The default environment file created above when compiling "HELLO.e" looks like this:

-- Eiffel project environment:

-- Root class for this system:
ROOT_CLASS hello
-- Root creation procedure:
ROOT_CREATION make

-- Checking Mode:
-- Set this to one of NONE, REFERENCE, REQUIRE, ENSURE,
-- INVARIANT, LOOP, ALL or DEBUG
CHECK ALL

-- Name of executable program to create:
EXECUTABLE hello

-- Load path to look for source texts:
LOADPATH
LOADPATH src/
LOADPATH std_lib/

-- Either "gcc" or "cc" may be used to link the system:
LINKER gcc

The format of the file is very simple: Lines are either empty, comments (preceded by --) or commands that begin with a keyword. The following commands may be specified:

ROOT_CLASS <name>
This selects the root class of the system to be compiled
ROOT_CREATION <name>
Here you can specify the name of the root creation procedure to be used for creating your system.
CHECK (NONE | REFERENCE | REQUIRE | ENSURE | INVARIANT | LOOP | ALL | DEBUG)
This selects the level of runtime checks to be used. Only one of the key words NONE, REFERENCE, etc. must be specified. The keywords given here are in order of strictness, so every keyword includes all the runtime-checks of the previous checking modes. They have the following meaning:
NONE No code for runtime checks is created
REFERENCE Reference variables are checked for Void when they are used
REQUIRE Preconditions are checked
ENSURE Postconditions are checked (currently not implemented)
INVARIANT Class invariants are checked (currently not implemented)
LOOP Loop (in-)variants are checked (currently not implemented)
ALL Code for the CHECK-instructions is created
DEBUG Code for the DEBUG-instructions is created
EXECUTABLE <name>
This selects the name of the executable to be created for the system.
LOADPATH [<path>]
This keyword can be given several times to specify an arbitrary number of paths the compiler uses to search for source texts. If no path is given, the current directory is used as well. The paths are searched in the order given in the environment file, so if several source texts for a given class exist, the one in the first path specified will be used.
LINKER <name>
Here you can select your favorite program to be used to create the executable from the object files. This can be either "gcc" or "cc".

Standard Classes

As documentation for the standard classes, please refer to their source texts as given in "std_lib/". The standard classes should conform to the standard given in [ELKS95]. Many features are currently not implemented (they are marked in the source text with "nyi", which stands for "not yet implemented"), many of the implemented features are not tested. So please use these classes with special care.

Since FILE.e is hardly tested and lacks the implementation of many features, this beta-version also includes modified versions of the file classes STD_FILE, STD_FILE_READ, STD_FILE_WRITE and STD_FILE_READ_WRITE of Dominique Colnet's Compiler SmallEiffel [Colnet97].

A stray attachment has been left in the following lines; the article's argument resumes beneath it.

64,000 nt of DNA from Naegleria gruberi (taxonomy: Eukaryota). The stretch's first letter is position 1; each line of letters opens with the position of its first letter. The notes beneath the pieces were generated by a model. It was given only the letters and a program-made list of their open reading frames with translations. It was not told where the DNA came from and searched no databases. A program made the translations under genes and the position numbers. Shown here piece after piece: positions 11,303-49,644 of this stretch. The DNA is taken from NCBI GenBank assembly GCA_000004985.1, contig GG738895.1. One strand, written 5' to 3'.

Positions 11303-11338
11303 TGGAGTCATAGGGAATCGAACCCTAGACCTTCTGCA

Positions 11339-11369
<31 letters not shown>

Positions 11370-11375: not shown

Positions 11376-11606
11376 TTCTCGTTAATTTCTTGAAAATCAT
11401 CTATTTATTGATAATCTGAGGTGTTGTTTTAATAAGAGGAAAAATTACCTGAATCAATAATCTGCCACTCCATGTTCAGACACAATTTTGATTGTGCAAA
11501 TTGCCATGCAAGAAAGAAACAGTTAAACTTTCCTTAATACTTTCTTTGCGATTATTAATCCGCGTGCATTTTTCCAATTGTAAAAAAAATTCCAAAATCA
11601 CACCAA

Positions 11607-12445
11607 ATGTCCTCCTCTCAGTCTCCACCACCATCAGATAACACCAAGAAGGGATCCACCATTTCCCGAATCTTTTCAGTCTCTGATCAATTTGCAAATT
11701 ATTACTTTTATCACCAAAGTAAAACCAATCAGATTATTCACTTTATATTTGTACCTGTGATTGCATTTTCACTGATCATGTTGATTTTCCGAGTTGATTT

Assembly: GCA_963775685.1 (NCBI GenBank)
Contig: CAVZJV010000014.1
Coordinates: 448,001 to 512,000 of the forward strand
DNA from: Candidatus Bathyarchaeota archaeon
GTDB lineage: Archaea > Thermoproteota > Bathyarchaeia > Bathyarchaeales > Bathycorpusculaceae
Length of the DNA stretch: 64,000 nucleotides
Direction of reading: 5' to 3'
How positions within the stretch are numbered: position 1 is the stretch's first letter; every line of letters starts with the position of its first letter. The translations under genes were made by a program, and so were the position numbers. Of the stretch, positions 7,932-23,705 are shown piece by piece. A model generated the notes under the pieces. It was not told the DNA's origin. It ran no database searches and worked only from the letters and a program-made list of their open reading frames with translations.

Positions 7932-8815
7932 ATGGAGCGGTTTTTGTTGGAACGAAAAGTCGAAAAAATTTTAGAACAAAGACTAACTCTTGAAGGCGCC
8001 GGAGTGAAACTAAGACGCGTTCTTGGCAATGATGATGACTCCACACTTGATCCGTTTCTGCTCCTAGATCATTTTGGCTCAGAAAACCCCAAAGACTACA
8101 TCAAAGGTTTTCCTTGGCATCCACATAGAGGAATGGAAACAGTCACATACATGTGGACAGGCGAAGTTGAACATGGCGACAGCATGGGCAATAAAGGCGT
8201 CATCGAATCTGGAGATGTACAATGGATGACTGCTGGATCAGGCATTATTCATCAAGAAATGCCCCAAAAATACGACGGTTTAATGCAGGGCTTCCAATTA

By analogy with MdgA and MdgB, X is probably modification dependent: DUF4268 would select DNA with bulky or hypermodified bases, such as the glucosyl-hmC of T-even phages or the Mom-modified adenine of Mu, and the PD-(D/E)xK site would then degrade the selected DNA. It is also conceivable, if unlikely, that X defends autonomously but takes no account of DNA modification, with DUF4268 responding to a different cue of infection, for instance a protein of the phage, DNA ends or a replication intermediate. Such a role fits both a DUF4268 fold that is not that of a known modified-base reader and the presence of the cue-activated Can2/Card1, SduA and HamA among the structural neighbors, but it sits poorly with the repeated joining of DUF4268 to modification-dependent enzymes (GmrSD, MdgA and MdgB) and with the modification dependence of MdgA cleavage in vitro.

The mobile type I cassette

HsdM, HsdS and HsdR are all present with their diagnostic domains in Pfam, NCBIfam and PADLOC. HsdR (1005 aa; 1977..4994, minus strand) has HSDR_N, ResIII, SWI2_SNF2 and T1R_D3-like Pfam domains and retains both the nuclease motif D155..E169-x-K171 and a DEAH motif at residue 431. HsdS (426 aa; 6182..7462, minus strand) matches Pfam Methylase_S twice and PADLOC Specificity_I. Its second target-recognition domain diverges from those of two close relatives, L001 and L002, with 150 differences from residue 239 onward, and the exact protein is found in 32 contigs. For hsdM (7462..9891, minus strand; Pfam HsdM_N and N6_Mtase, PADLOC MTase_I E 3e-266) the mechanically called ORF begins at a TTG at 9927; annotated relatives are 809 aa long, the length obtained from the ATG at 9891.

The compiler relies on some of the standard classes to be exactly as they are. Modification in those classes may lead to unpredictable behaviour.

Sample Code

The directory "src/" contains the source texts of several example classes. The root classes are:

Bug-Reports

As this compiler is very new and not sufficiently tested, it might still have a significant number of bugs. In case you think you have encountered a problem, I would be glad if you took the time to send me a detailed description of the problem, so that I can easily reproduce it myself. In most cases, the best way to report a problem is by sending me a minimal example source text that produces false behaviour by the compiler.

Before you report a problem to me, please check the not-yet-implemented list below. There is no point in reporting a problem I already know of, you would just waste your and my time.

Please send Bug reports via EMail to:

fridi@gr.opengroup.org
Subject: BUG: ...

Not-Yet-Implemented

Note that most of the features that are not implemented do not cause the compiler to create a warning message. Instead it just creates code that crashes.

Thanks

Without the help of the following people, this project would not have been possible:

My thanks in advance go to anybody who goes through the trouble of using an early beta version of a compiler and for reporting any problem with it.

Anti-Thanks

The following people and institutions tried hard not to be of any use in my project:

The IPVR at the Universitaet Stuttgart refused to allow me to use one of their (unused) ISE Eiffel licenses to bootstrap my compiler.

SPARC International makes it extra hard for any non-commercial developer to get detailed information on their processors, unless you register as a developer for 500 bucks a year... Have a look at IBM: They provide things like a very useful "The PowerPC Compiler Writer's Guide" that anybody can download for free.

References

[Meyer92]
Betrand Meyer: "Eiffel: The Language", 2nd edition, Prentice Hall, 1992
[ELKS95]
Nonprofit International Consortium for Eiffel (NICE): "The Eiffel Library Standard, Vintage 95", Version 8, ftp://ftp.eiffel.com, June 4, 1995
[Colnet97]
Dominique Colnet and Suzanne Collin: "SmallEiffel V-0.85", ftp://ftp.loria.fr/pub/loria/genielog/SmallEiffel, 1997

Updates

Information on new versions will be posted in comp.lang.eiffel. If you do not read this newsgroup regularly, you can always find the latest public version of FEC at http://www.informatik.uni-stuttgart.de/ifi/ps/siebert/fridi_eiffel.html

Author's Address

Fridtjof Siebert
5B rue du 26 mai 1944
38950 St. Martin le Vinoux
France

EMail: fridi@gr.opengroup.org